Nothing here will particularly blow you away, but it looks good enough to keep you interested and engaged with the combat. As mentioned earlier, the audio and voice overlays are excellent, even if the writing itself is lackluster. It makes it that much more satisfying to witness your Titan mech obliterate enemies with a crescendo of missiles when they sound so satisfying.
Crossfire: Legion keeps up a steady framerate throughout, which is incredibly important when the action gets fired up and you’ve got dozens of units blasting each other at once. The UI and menus are smooth, as are the animations, even if some of said animations are unintentionally funny.
It does however, have some technical problems that have persisted through the extensive fixes and patches. One mission on the campaign failed me for completing the final objective – I don’t think I’ve ever had that happen before, who knew success could be so deflating? A quick reload sorted it but even so, weird bug to have.
I had troops regularly get stuck in geometry or breakdown harder than a terminator frozen with liquid nitrogen (if you don’t know that reference go watch Terminator 2 right now!) when the pathfinding simply gave up trying to sort itself out. They’re little persistent issues but enough of them happened that it did have a minor impact on the gameplay experience.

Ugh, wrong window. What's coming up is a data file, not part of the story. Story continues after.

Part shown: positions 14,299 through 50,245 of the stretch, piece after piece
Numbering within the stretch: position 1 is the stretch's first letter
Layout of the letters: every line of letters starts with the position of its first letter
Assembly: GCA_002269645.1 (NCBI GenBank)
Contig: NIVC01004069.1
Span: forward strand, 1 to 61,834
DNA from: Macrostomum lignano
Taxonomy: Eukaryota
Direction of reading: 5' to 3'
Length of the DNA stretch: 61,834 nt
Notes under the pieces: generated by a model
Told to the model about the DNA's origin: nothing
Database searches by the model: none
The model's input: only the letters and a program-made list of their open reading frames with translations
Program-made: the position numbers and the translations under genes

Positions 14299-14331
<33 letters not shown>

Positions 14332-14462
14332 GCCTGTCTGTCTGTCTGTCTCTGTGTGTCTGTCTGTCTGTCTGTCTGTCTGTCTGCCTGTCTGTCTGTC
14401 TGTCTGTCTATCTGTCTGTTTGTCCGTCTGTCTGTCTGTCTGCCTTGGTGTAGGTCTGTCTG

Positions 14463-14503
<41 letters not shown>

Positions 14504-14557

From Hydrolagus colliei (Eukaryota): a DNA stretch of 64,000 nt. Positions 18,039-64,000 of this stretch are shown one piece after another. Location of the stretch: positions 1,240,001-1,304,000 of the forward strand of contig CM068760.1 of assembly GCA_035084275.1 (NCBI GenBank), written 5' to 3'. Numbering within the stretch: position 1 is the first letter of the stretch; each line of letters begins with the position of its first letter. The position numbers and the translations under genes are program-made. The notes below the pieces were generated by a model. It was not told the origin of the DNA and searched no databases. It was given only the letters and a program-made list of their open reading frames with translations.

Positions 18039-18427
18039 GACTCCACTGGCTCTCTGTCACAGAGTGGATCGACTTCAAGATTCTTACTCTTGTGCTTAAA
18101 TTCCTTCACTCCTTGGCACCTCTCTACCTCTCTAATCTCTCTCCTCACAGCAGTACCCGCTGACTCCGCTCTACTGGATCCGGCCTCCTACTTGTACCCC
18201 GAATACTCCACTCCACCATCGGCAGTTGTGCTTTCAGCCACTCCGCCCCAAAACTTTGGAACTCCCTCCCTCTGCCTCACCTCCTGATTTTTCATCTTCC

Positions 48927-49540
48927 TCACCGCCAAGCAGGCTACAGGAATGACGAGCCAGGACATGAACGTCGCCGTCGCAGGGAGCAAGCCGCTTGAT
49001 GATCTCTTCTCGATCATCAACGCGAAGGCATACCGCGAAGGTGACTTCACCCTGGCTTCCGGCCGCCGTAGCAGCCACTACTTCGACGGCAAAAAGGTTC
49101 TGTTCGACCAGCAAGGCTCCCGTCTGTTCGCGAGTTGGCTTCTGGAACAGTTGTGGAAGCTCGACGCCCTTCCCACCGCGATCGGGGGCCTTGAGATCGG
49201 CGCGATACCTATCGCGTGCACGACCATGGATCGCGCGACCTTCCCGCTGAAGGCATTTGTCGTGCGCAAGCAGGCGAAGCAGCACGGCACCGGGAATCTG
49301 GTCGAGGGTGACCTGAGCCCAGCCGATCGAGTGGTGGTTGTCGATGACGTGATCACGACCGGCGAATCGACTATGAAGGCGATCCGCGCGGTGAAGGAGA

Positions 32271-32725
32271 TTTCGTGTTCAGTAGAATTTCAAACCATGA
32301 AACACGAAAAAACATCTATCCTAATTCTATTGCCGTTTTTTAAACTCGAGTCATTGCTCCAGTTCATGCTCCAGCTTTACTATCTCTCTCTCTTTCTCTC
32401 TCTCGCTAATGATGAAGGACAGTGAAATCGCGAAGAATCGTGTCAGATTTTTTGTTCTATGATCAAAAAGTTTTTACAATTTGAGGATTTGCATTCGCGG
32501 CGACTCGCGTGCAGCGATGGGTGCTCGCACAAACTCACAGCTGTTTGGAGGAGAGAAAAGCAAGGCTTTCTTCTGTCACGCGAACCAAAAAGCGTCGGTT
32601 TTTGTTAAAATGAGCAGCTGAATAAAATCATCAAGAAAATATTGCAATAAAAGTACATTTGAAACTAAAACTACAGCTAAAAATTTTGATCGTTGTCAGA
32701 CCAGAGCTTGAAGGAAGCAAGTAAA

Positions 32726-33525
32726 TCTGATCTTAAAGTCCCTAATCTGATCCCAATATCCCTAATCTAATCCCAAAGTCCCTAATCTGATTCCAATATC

This isn’t uncommon for games coming out of early access, just be aware there’s still some edges to be ironed out in Crossfire: Legion.
Stuck In The Middle
Crossfire: Legion is a real mixed bag. On the one hand it has a cool visual style, great voice performances, decent RTS combat and a suite of modes to provide a lot of longevity. On the other however, it’s pinned down by a lack of gameplay depth, an underwhelming campaign, poor pathfinding issues and a lack of strategy-promoting design.
I enjoyed the primitive thrill of smashing my armies against my opponents, watching the carnage of destruction erupt around me before throwing up a new force to do it all again. The problem is, Crossfire: Legion only has a limited number of ways it can offer to wage war. The best of the genre offer tactical options and numerous strategies, all of which are equally viable and require a lot of thought to bring out satisfying problem-solving.
For most of my time with Crossfire: Legion however, I was required to think very little.
Crossfire: Legion is an accessible RTS with a decent foundation to become a great game, but it’s held back by a lackluster campaign, poor pathfinding and shallow strategic systems. A stellar voice cast, excellent graphical performance and primitively fun gameplay can carry you quite a way, but not enough to reach the best of the genre. Hopefully, there’s more to come.
Crossfire: Legion is launching on PC (review platform) on December 8th, 2022.
Developer: Blackbird Interactive
Publisher: Prime Matter
Disclaimer: In order to complete this review, we were provided with a promotional copy of the game. For our full review policy, please go here.